Where’s the Return on Analytics?
A great deal of energy is expended discussing why IoT is proving hard to monetize. Industrial Internet of Things (IIoT) practitioners are among those who are wringing their hands. Here is a countdown; four reasons why this seems hard. And later how IoT value might be fairly easy.
Reason Number 4: Someday.
A Disney song, “Someday My Prince Will Come” should be the theme song of many IoT trials. The (copyrighted) picture above is from the 1937 Disney Movie, but the story is much older. It seems the idea of hoping for “someday” resonates deeply.
The pitch goes like this; ‘let us collect data for months, and then we’ll do data science for months, and then (someday) we will give you an algorithm. Then, you can take several more months or years to deploy our IoT solution.’ There are so many things wrong with “someday.” It ignores the time value of money. It ignores the changes in your market. It ignores the “things” are getting older and changing. It ignores your competitors who may not be waiting for “someday.”
IoT generates data. Data must be processed for analysis and which must lead to action. In other words, IoT should lead to a Return on Analytics Like any other return calculation, time matters. It matters a lot. Someday is the enemy of Return on Analytics.
Reason Number 3: Ignoring who pays.
Tesla charges quite a bit for their cars, but they pay attention to who pays for things like connectivity. Yes – there is a mobile connection built into Tesla’s cars. But most of the connectivity happens over Wi-Fi when parked.
There’s a lesson here. Tesla knows they don’t want to pay for large data streams month after month. Does it make sense for your IIoT project even if your system is more expensive than a car?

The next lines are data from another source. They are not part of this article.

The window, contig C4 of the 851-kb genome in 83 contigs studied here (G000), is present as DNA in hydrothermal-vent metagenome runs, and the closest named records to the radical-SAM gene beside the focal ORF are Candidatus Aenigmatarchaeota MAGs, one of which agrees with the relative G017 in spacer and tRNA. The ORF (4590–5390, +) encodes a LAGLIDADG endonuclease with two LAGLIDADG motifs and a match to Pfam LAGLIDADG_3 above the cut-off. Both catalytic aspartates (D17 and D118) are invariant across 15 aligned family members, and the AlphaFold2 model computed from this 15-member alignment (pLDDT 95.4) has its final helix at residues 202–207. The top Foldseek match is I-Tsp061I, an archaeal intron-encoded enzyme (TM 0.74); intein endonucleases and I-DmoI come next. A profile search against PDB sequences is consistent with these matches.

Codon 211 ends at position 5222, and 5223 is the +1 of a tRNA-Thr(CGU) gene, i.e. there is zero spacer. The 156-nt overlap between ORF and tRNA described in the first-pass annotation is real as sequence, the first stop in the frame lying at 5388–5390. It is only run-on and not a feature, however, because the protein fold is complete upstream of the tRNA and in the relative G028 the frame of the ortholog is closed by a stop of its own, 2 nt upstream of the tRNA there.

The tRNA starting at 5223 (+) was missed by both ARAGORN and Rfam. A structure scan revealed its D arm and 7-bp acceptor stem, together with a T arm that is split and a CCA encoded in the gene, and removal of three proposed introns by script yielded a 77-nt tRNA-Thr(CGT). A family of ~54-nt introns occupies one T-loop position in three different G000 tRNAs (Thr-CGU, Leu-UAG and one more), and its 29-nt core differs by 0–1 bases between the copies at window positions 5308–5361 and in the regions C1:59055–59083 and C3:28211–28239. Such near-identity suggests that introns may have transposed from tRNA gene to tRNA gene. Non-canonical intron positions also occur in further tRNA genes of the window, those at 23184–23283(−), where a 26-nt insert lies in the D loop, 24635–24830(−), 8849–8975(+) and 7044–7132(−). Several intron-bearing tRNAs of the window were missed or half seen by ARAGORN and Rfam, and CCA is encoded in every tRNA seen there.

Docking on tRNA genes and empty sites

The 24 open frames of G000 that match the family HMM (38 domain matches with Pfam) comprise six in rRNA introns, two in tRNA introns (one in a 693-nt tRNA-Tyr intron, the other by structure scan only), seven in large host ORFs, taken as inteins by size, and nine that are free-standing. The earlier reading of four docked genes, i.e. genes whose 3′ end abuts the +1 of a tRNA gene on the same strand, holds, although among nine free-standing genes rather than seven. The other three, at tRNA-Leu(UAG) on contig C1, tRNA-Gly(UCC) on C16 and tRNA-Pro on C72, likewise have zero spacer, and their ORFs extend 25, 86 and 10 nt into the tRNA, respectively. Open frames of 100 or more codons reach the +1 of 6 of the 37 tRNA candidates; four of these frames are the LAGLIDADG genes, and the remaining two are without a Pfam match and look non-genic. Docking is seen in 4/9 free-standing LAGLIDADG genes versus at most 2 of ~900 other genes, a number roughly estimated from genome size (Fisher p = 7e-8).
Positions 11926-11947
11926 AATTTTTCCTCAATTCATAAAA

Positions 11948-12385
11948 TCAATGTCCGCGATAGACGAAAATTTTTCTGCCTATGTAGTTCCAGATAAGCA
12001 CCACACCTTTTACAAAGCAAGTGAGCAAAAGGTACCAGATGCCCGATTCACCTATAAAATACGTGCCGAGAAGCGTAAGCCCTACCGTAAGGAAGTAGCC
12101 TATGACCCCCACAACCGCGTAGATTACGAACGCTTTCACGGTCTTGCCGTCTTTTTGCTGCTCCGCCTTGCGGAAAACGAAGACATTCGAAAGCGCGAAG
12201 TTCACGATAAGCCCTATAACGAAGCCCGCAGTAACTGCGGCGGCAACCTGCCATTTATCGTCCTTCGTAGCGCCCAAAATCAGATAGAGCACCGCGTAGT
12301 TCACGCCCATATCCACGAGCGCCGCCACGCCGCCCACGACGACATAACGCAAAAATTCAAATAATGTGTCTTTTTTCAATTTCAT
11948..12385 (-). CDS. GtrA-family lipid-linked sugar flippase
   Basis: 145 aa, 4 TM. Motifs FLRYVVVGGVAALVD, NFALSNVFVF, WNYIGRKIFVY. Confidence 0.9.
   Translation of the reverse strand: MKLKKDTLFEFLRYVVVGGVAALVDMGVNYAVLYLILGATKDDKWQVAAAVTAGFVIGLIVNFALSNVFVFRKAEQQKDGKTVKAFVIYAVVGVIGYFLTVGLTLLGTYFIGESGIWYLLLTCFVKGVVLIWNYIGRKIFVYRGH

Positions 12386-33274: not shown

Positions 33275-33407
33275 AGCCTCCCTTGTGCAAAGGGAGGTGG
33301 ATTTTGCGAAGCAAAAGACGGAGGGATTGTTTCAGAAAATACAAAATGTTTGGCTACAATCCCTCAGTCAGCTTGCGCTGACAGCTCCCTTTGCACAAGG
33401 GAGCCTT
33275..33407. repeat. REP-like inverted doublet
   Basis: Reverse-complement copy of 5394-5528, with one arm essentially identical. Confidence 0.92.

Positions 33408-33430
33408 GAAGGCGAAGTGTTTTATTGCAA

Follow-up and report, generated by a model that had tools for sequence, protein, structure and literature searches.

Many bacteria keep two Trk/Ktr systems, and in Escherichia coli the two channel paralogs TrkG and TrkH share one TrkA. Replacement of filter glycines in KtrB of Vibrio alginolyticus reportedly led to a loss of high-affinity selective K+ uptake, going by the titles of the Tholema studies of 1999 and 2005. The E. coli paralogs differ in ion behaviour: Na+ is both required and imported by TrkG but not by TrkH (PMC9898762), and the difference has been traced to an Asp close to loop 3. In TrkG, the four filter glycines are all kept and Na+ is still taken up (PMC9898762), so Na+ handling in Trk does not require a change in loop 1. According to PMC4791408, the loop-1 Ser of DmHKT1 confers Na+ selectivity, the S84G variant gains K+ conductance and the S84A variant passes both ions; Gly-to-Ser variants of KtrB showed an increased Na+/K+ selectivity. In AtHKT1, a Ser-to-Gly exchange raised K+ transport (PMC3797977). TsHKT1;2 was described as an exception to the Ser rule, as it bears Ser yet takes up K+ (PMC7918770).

There are other “who pays” questions we should ask. Connectivity is just one example. Ignoring who pays can be fatal to your Return on Analytics.
Reason Number 2; Unproven XaaS business model.
Yes, it would be nice to add a new revenue stream. And, of course your IoT vendor wants to sell you stuff to chase that dream. But, IIoT value chains are complex. Does your IIoT solution create value for everyone who has a say (customers, distributors. Your supply chain…)? You may need to ask Cui Bono? http://lone-star.com/who-benefits/
Reason Number 1; Not even seeking a Return on Analytics.
If you want to do an IoT science experiment, that is a noble thing. Don’t expect to accidently earn a return.
So, how SHOULD value be created? We believe the Return on Analytics should be big and fast. More than 20 to 1. Faster than a year. And, we believe Return on Analytics should be based on tangible goals, not magical thinking. Return on Analytics should be transparent; you should be able to clearly see cause and effect.
Transparency will help illuminate new business models (XaaS, or other). Generating new value after you are already capturing value has a much better NPV than “someday” and is much lower risk than betting on the unproven.
The Disney song was written for Snow White by Frank Churchill and Larry Morey, in 1934. Their Snow White was NOT hoping for some random prince “someday.” Morey’s lyrics are about the return of the prince she already knew.
Someday my prince will come
Someday we’ll meet again
And away to his castle we’ll go
To be happy forever I know…
So, to earn a Rapid return on Analytics we suggest three things;
- Look for specific value you hope to find; don’t hope for a random prince to ride into your life
- Work with a firm who has proven they can deliver a Return on Analytics (like Lone Star!)
- Expect to move to increasingly valuable business models from IoT while improving performance at each step.
Or, pop some corn and watch Snow White. It has one of the best musical scores of all time.